Painful truths about Camellias

by AnneWareham on March 31, 2015

Post image for Painful truths about Camellias

It being the season, and garden writers needing to endlessly provide reading material, I recently read a piece in praise of camellias. Understandable – they are quite attractive flowers with a good shiny evergreen leaf. Hmm. And

Camellia 'Donation' at Veddw Copyright Anne Wareham SAM_9454

Bit out of focus, but you get the idea…

people go long distances to visit them in Cornwall with magnolias. And blue skies if you’re lucky.

However. Charles has always hated them – because they discolour, rot and generally depress, while still on the bush. Some are reputed to drop cleanly, saving the revolting look of a whole decaying bush of them. ‘Donation’ is one, I believe, and I always understood this was ‘Donation’. Well, don’t get excited.

Camellia 'Donation' at Veddw Copyright Anne Wareham SAM_9457

Not bad….

We had a great year for them this year. Not much frost. Rain not exceptional. Looked quite good for a (short) while.

I used to grow several others, all supposedly clean dropping. I had visions of them all along the back of the border, cheering me up in spring.

Then

Camellia 'Donation' at Veddw Copyright Anne Wareham SAM_9624

yuk

and

Camellia 'Donation' at Veddw Copyright Anne Wareham SAM_9623

o yuk yuk

 

You should be warned, shouldn’t you? Well, I just did. They always do that.

People used to grow them under cover. Maybe that worked?

Anne Wareham

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Charles Hawes March 31, 2015 at 1:00 pm

If I need ever to example to Anne how she is impervious to my feelings at times then the continued existence of this shrub is it. Every year it covers itself with buds of flower and without fail in a matter of days of opening its blooms they becomes tinged with brown at best or at worst are transformed into a mini compost heap of rotting leaves. I am sure that if you breathed on it too hard it would complain and show its true colours. One day I am going to chain saw it down.

AnneWareham March 31, 2015 at 6:55 pm

Go on then, cut it down. Xx

Shetland bus March 31, 2015 at 5:45 pm

I also have a camellia that was magnificent till the wind blew. My garden is showered in beautiful (without tinges of brown) flowers..

AnneWareham March 31, 2015 at 6:54 pm

Maybe the decaying brown ones have a better cling factor!

Abbie Jury March 31, 2015 at 7:24 pm

Do you get late frosts? In which case Charles is right, these are not suitable plants for your situation. The problem is not that allegedly self-grooming varieties are falsely described. I can say this with confidence being a Jury, It is that they are self-grooming when the flower has run its course. If the bloom is damaged before then (most common causes being frost or petal blight but I doubt that you have the latter), then the damaged brown flower will stay on the bush looking unsightly. Much of the UK is marginal at best for camellias which is why they have traditionally been grown under cover except in Cornwall and a few other favoured locations. More a case of pushing the climatic boundaries too far, I would suggest, than the short comings of the plant genus and modern breeding. There will be hardier varieties better suited to your conditions but you would have to do some research on what these are and then see if they are available commercially.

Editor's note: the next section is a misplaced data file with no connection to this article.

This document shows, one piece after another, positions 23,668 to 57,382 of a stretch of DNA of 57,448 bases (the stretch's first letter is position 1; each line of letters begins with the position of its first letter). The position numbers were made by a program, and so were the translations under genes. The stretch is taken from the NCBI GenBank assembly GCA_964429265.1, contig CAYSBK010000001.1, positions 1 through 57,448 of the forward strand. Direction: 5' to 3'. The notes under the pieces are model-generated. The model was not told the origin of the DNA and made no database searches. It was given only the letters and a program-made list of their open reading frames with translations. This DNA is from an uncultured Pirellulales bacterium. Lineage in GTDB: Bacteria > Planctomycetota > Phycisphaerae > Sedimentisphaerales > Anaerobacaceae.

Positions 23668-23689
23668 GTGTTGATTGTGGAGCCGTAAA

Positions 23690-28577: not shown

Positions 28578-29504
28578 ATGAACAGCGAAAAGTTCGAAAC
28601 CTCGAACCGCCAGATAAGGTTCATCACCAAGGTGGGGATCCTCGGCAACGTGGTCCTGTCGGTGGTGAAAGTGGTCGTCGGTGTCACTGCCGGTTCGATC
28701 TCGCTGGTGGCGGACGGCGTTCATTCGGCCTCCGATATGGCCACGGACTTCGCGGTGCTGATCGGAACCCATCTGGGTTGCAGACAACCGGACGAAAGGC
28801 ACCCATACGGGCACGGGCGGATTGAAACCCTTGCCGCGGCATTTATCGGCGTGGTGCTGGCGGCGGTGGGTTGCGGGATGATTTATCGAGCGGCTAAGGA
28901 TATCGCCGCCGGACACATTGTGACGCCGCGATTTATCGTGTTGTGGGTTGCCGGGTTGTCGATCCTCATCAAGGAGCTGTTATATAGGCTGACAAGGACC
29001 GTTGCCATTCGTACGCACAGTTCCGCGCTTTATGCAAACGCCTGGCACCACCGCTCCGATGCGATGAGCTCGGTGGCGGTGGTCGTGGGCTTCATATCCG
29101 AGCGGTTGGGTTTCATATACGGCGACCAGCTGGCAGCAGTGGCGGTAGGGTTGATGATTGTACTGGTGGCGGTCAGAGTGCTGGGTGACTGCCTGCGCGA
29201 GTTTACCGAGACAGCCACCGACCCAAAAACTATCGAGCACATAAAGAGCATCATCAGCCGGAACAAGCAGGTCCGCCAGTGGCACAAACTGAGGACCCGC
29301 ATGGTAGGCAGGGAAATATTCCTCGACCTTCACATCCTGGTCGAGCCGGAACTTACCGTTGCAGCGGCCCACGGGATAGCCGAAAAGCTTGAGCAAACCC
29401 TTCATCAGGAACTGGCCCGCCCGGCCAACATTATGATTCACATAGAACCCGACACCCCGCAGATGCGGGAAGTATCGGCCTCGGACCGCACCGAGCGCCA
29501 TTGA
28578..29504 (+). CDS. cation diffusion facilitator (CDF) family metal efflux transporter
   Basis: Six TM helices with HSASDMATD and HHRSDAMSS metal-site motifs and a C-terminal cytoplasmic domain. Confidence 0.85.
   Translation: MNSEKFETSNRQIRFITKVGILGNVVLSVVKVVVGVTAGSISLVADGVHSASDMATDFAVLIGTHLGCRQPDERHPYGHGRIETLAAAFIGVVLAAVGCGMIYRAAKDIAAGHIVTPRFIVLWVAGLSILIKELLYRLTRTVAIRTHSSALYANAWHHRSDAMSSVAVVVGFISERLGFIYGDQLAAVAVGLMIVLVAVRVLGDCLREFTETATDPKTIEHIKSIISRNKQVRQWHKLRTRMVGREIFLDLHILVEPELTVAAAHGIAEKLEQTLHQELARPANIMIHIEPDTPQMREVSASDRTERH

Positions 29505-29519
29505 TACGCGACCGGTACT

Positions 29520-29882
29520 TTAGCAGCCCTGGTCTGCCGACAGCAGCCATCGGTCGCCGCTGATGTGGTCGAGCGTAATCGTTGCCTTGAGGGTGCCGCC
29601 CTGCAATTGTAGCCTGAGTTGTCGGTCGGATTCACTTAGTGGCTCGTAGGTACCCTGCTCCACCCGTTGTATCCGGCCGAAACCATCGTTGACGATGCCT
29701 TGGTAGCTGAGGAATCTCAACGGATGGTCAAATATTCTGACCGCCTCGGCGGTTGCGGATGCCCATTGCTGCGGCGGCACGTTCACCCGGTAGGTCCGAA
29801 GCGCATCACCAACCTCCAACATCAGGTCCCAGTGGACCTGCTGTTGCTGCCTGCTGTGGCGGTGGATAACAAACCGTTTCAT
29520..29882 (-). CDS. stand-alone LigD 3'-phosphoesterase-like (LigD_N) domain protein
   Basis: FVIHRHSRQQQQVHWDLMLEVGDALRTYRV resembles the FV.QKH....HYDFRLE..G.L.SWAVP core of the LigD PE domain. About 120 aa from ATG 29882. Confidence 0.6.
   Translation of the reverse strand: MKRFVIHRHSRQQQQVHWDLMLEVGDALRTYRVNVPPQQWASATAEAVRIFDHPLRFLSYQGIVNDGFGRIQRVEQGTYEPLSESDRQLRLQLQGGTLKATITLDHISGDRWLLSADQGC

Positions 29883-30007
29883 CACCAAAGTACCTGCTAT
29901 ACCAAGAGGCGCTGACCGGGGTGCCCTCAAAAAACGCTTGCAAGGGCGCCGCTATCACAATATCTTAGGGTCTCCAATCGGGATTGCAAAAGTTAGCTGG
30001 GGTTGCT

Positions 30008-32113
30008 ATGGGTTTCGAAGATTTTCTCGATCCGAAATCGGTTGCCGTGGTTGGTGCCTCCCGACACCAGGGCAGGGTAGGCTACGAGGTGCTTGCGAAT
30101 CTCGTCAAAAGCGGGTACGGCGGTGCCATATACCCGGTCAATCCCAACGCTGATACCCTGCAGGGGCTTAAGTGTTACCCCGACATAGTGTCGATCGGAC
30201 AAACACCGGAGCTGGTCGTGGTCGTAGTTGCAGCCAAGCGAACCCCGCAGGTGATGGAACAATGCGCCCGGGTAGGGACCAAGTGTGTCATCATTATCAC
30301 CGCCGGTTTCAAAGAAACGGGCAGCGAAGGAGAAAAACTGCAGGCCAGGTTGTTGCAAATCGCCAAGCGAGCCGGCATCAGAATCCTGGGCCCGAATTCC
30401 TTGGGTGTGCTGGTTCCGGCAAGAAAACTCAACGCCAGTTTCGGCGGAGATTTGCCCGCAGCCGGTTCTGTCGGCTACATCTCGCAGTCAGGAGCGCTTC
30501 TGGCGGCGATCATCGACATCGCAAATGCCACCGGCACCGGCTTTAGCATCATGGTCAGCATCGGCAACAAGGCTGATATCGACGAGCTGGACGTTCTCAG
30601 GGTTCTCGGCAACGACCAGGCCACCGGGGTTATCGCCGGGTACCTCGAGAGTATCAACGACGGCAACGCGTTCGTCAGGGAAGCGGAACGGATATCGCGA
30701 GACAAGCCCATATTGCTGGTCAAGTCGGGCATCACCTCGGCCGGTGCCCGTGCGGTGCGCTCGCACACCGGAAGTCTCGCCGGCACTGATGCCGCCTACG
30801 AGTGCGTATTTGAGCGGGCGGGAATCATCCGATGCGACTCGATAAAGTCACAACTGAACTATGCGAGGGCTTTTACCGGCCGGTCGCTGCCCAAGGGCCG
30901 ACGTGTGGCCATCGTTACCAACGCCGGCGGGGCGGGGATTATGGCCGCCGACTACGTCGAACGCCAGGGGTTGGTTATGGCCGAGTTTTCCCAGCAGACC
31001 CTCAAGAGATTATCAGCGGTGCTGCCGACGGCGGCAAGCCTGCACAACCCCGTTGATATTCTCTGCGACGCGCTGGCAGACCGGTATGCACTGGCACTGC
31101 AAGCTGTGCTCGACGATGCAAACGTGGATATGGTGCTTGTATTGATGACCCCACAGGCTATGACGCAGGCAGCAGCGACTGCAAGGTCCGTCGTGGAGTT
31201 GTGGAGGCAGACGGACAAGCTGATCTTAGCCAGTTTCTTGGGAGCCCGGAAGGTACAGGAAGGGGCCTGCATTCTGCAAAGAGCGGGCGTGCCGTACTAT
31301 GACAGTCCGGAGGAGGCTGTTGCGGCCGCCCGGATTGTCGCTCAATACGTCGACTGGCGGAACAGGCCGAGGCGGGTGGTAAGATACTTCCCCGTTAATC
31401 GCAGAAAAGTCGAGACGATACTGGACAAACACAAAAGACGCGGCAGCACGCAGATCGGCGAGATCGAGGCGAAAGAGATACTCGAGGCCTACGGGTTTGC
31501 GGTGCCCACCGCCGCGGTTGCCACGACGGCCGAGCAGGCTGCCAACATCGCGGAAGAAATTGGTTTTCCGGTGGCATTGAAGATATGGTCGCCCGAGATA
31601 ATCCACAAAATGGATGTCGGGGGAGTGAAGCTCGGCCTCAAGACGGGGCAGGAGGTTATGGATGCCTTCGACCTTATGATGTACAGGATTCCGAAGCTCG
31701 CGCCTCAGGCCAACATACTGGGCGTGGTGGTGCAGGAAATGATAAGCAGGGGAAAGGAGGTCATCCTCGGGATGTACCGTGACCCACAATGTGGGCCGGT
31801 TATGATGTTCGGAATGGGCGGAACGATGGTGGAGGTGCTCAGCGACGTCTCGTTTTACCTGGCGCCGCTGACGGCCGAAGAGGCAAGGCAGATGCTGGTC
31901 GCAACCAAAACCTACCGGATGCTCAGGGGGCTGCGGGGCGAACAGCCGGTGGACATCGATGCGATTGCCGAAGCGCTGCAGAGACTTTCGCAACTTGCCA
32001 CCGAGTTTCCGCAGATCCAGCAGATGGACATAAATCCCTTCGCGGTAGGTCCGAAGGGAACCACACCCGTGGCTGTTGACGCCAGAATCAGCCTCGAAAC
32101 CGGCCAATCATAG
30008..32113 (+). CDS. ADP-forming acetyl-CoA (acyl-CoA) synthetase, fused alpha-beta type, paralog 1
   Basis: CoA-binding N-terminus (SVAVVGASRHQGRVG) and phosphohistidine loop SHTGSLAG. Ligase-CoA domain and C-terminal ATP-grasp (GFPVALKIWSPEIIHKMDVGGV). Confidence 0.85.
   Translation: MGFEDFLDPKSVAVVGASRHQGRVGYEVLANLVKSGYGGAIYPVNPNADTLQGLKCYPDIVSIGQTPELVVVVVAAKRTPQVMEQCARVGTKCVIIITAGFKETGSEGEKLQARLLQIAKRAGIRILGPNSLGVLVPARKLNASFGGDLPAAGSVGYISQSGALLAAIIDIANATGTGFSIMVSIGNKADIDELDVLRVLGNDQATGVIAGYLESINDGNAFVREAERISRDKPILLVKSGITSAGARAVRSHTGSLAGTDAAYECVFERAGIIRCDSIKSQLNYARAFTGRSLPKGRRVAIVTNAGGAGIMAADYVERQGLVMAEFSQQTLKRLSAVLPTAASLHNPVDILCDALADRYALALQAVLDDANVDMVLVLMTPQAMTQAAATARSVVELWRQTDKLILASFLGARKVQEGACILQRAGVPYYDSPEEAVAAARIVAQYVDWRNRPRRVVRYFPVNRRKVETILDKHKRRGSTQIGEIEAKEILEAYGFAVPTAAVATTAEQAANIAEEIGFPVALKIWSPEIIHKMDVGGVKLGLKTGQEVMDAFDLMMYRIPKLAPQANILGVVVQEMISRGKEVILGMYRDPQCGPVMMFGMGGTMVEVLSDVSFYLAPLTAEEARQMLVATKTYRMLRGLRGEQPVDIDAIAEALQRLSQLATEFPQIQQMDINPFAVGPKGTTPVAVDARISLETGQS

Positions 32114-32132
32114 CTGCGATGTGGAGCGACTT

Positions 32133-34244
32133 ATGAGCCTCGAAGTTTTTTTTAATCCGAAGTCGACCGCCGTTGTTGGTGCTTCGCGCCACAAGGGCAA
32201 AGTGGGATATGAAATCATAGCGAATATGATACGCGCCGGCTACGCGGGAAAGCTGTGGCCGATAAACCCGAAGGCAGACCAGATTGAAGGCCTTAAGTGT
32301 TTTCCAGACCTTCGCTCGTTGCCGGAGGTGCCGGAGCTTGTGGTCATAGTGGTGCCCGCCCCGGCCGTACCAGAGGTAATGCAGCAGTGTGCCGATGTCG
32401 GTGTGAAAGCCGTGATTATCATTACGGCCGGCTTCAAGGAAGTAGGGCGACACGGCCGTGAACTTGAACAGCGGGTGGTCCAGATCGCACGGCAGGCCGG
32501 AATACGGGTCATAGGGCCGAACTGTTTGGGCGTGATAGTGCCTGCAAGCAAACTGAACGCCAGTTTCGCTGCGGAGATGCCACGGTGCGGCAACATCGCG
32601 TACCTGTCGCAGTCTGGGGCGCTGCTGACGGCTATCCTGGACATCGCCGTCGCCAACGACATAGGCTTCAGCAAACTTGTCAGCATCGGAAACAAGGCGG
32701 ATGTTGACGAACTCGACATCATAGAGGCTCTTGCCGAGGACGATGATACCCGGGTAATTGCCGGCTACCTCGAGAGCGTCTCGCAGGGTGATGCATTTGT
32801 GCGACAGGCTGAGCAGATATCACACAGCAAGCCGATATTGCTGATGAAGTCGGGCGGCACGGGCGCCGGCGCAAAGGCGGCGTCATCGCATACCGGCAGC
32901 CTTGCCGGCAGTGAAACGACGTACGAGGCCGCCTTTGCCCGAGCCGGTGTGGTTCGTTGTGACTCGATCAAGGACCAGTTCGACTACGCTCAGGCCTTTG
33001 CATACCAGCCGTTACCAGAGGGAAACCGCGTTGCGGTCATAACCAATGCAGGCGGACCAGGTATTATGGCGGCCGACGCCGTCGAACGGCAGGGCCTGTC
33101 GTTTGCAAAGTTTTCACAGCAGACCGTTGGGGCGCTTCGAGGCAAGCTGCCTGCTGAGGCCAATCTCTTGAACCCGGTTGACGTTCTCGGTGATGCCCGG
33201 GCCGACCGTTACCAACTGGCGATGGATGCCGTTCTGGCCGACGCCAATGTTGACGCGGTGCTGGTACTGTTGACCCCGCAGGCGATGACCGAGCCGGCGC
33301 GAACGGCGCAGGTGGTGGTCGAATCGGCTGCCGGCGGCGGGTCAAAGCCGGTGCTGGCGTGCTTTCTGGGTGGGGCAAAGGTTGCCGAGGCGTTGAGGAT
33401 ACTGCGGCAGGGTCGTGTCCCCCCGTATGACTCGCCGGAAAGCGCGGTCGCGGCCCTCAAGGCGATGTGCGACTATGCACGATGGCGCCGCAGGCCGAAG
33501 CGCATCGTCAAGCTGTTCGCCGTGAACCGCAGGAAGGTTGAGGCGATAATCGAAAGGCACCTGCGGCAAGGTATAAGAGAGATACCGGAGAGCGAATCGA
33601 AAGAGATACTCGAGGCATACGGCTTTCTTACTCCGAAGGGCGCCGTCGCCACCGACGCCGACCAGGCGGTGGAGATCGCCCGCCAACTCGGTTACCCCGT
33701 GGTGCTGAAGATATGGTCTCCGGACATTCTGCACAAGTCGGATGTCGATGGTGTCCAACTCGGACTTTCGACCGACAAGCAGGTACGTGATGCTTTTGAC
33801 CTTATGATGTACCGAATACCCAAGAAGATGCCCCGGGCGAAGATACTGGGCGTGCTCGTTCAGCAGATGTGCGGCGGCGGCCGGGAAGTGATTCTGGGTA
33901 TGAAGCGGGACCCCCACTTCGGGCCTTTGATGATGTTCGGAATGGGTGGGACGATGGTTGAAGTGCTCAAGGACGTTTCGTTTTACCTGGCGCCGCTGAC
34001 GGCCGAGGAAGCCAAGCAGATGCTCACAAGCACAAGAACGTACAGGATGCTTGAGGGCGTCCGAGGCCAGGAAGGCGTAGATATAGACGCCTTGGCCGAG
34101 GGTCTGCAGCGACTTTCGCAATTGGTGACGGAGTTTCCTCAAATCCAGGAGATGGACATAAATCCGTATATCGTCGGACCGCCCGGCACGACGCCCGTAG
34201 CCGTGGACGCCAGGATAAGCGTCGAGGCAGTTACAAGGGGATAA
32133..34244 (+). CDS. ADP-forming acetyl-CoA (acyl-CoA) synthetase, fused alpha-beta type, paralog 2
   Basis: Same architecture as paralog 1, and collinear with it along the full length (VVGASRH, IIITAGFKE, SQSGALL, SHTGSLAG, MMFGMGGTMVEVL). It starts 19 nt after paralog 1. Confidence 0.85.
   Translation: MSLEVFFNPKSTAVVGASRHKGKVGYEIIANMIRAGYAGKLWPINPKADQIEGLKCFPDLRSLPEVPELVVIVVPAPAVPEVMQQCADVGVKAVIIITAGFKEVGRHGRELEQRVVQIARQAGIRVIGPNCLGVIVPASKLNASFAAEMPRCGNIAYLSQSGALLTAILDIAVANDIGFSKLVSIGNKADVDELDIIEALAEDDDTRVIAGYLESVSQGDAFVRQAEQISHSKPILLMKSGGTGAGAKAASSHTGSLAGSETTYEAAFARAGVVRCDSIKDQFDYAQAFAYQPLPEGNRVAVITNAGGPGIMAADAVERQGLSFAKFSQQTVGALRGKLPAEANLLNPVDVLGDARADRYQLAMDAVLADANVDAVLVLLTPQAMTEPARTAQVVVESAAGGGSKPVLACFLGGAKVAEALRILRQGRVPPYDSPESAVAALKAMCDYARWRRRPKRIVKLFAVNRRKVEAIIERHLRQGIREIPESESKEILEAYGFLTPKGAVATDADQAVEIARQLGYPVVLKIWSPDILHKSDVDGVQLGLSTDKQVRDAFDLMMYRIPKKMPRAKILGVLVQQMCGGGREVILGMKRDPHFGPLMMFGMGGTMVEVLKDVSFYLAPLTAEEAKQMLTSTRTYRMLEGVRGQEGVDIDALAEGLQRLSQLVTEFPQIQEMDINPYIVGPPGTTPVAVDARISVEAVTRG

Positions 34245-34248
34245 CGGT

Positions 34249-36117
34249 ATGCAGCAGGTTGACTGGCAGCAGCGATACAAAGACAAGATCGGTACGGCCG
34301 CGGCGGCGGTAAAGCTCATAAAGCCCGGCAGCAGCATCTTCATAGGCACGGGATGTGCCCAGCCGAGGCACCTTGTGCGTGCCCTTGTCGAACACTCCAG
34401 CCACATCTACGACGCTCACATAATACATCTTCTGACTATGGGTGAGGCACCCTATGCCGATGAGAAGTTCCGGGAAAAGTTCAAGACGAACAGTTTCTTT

AnneWareham March 31, 2015 at 8:08 pm

I wonder what a late frost would be? The camellia flowers were damaged in early March, in a mild winter. A late frost would be late April. We’re not especially cold for the uk.Could any frost is the problem…?

Abbie Jury March 31, 2015 at 8:15 pm

I know a month for month translation is not entirely accurate but March – our September, late April – our October? A late frost for us is anything after early August. A September or October frost would be devastating. But any frost will damage open camellia flowers and mush them.

AnneWareham March 31, 2015 at 9:13 pm

Those flowers are just not hardy in uk then. Frost is ordinary in March And April in most of the country.That’s clear. And not exciting enough to search out varieties which could/might be…… Thanks, Abbie.Xx

Barbara Riley April 1, 2015 at 7:36 am

You question whether growing under glass is the answer and we thought it was the problem. The Camellias in the glorious Camellia House at Wollaton Hall, Nottingham, are sadly infested with aphids which means that (especially on the sunniest side of the house) the plants are covered with sooty mould.

AnneWareham April 1, 2015 at 8:19 am

I suppose we might have anticipated that one!

Madeleine Wilde April 5, 2015 at 8:41 pm

your problem with moldy/brown/soggy flowers is due to the lack of removing at least 50% of the buds before they bloom – pop off the buds, leaving just one per blooming branch … doing that provides space for the single flower to have great air circulation … tedious chore? – yes, but the results are worth the tedium …

AnneWareham April 5, 2015 at 10:17 pm

Thank you. But nothing could be worth that! At least nothing camellia-ish…

Amy Murphy June 1, 2015 at 11:24 am

I love them, too, in bloom. So much so I believed an article saying that some had been bred to grow in my Zone 5 garden. I fell for the press, purchased several at considerable expense. They all died. Sometime, often, I have to acknowledge I can not grow some plants in my garden, no matter how much I’d like to. Now I enjoy camellias when I visit the San Francisco, CA area.

AnneWareham June 1, 2015 at 12:09 pm

There should be comeback against inaccurate or over optimistic garden articles. Time the garden media grew up and stopped greeting everything with breathless enthusiasm.